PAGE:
Like most humans, I have spent countless hours contemplating the night sky. From the time I was a young child wishing on the first star for long forgotten requests, to the  woman I find myself to be now, wrapped in down and an acrylic throw blanket, contemplating the universe.

astronomy comet constellation cosmos

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I’m wishing on all the stars for nothing more than a safe landing, whenever, wherever, and however my ship sails, until it powers down that one last time.

And until then, for no end to the curiosity.

©2019 by Ilona Elliott

Me and Cosmo

The Author (on the right)












  1. Oh my…that was so very poetic and beautiful! And so true. I feel like a child when I stare up at a clear, dark night sky. I didn’t get to see the eclipse – I was in Mexico and it was cloudy. But your description made me feel like I saw it. Thank you!!

    Liked by 1 person

    • Something about the night sky that is just made for wondering and dreaming.


  2. beautiful, as always. I love the sky too.

    Liked by 1 person

  3. You make me really laugh sometimes Ilona but what has always gotten me the most is how you have this ability to turn around and write so graciously and easy about serious things like in this essay. Could hear you saying it’s not that easy to write, though. Wish I could plop my own trusty, pilled variable electric heating pad in the chair across from you and we could talk about writing and some life stuff. Especially on a rainy day like this morning.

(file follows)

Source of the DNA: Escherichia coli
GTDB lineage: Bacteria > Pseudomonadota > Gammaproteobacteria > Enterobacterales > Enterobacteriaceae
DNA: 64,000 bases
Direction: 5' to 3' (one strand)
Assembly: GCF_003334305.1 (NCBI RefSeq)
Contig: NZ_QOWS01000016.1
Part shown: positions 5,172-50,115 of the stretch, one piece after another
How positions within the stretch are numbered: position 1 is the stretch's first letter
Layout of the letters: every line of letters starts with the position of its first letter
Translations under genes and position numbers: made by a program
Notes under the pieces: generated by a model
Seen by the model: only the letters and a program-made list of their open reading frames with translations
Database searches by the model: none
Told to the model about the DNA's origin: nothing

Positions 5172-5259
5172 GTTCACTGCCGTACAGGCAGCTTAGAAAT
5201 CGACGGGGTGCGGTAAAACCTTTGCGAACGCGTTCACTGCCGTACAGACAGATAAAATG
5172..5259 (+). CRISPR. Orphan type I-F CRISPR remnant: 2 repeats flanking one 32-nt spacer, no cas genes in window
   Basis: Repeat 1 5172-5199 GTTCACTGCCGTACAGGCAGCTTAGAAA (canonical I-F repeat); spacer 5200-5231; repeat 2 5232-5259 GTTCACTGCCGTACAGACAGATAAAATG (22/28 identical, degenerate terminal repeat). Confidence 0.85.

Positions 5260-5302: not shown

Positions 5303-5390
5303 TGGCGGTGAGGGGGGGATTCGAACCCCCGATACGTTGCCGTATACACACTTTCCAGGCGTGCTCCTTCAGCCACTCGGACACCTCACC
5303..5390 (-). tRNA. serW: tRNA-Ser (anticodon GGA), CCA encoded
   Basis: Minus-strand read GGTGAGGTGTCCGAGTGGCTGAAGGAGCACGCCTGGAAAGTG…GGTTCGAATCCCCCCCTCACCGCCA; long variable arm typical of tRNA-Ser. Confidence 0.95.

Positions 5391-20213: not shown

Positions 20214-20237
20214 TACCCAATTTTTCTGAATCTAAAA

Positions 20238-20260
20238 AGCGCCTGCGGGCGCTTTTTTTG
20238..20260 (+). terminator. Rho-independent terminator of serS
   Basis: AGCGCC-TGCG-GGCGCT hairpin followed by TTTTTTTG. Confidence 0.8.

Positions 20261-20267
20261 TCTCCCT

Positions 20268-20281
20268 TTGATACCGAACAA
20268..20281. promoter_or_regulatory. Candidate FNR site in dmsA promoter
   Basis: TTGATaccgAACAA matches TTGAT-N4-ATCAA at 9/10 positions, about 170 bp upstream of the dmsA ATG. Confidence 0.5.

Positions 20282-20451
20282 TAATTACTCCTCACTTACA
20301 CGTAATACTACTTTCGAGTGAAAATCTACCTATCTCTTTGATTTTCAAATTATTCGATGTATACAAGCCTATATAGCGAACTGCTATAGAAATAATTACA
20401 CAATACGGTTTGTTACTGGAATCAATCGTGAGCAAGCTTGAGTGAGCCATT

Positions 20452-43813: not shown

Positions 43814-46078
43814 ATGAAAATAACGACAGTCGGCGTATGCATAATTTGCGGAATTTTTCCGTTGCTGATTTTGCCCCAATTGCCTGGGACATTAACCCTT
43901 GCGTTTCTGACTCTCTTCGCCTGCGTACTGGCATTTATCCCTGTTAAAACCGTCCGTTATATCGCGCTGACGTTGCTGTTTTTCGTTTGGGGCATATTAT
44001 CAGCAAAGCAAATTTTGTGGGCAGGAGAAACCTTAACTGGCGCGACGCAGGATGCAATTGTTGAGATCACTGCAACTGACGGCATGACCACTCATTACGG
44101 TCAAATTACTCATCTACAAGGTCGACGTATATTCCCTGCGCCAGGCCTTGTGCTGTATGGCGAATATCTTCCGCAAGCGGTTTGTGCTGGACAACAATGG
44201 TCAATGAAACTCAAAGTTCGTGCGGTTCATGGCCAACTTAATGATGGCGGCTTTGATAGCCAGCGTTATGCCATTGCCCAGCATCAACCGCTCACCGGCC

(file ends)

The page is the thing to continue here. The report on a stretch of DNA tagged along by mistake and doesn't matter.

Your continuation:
Liked by 1 person

    • Oh geez TF, those shoulders still acting up?
      The problem with my writing practice is it isn’t easy for me to write that way all the time. Wish I could pull that rabbit out of the hat at will, but I really have to be in the right frame of mind.
      I’ll think of you from the chair tonight TF. Thanks for stopping by and chatting, such as it is.

      Liked by 1 person

      • Hi Ilona. Sorry I didn’t see your reply. One of the things I’m trying to do better on this year (aside from actually publishing to WP) is checking “conversations” in my reader, a wonderful little feature I wasn’t aware of until recently (that’s just how low-tech and ignorant of social media I am).

        The reality about the writing process is a lot closer to the sentiment in your reply, don’t I know. Wish I could share with you a book a very dear, fellow writerly friend here on WP sent me out of the blue, by Anne Lamott, that’s about the writing process. “Bird by Bird”…..maybe you should see if you could find it in your library or I can send you my copy, pm me (if you still have my email) whatever you decide. Or maybe you’re already familiar/have read it, you’re certainly more of a “real” writer whereas I’m just not. Thought of you after I got through it. Parts of it were pretty affirming/inspiring about how messy the first stage of pencil-to-paper (fingers to keyboard, whatever) can be. There’s a super funny story behind the title of the book that just had me in stitches.

        And the shoulders, yeah……assorted other joints, too. Just a high mileage vehicle, that’s all.

        Liked by 1 person

      • Thanks TF. I read that particular book and several others by Anne Lamott, and I follow her on FB. I just love her. I also see how being a successful writer (published many times over), pushes her into territory that would suck for me, like going on book tours. UGH! I can’t imagine anything worse than having to plug my latest book and travel around signing books and doing little radio talk shows and public appearances. That all brings me back down to earth when I start dreaming of writing “that book”.
        I’m glad to hear from you. Hope you are out enjoying this lovely lovely spring like weather. It feels like hope out there today. xox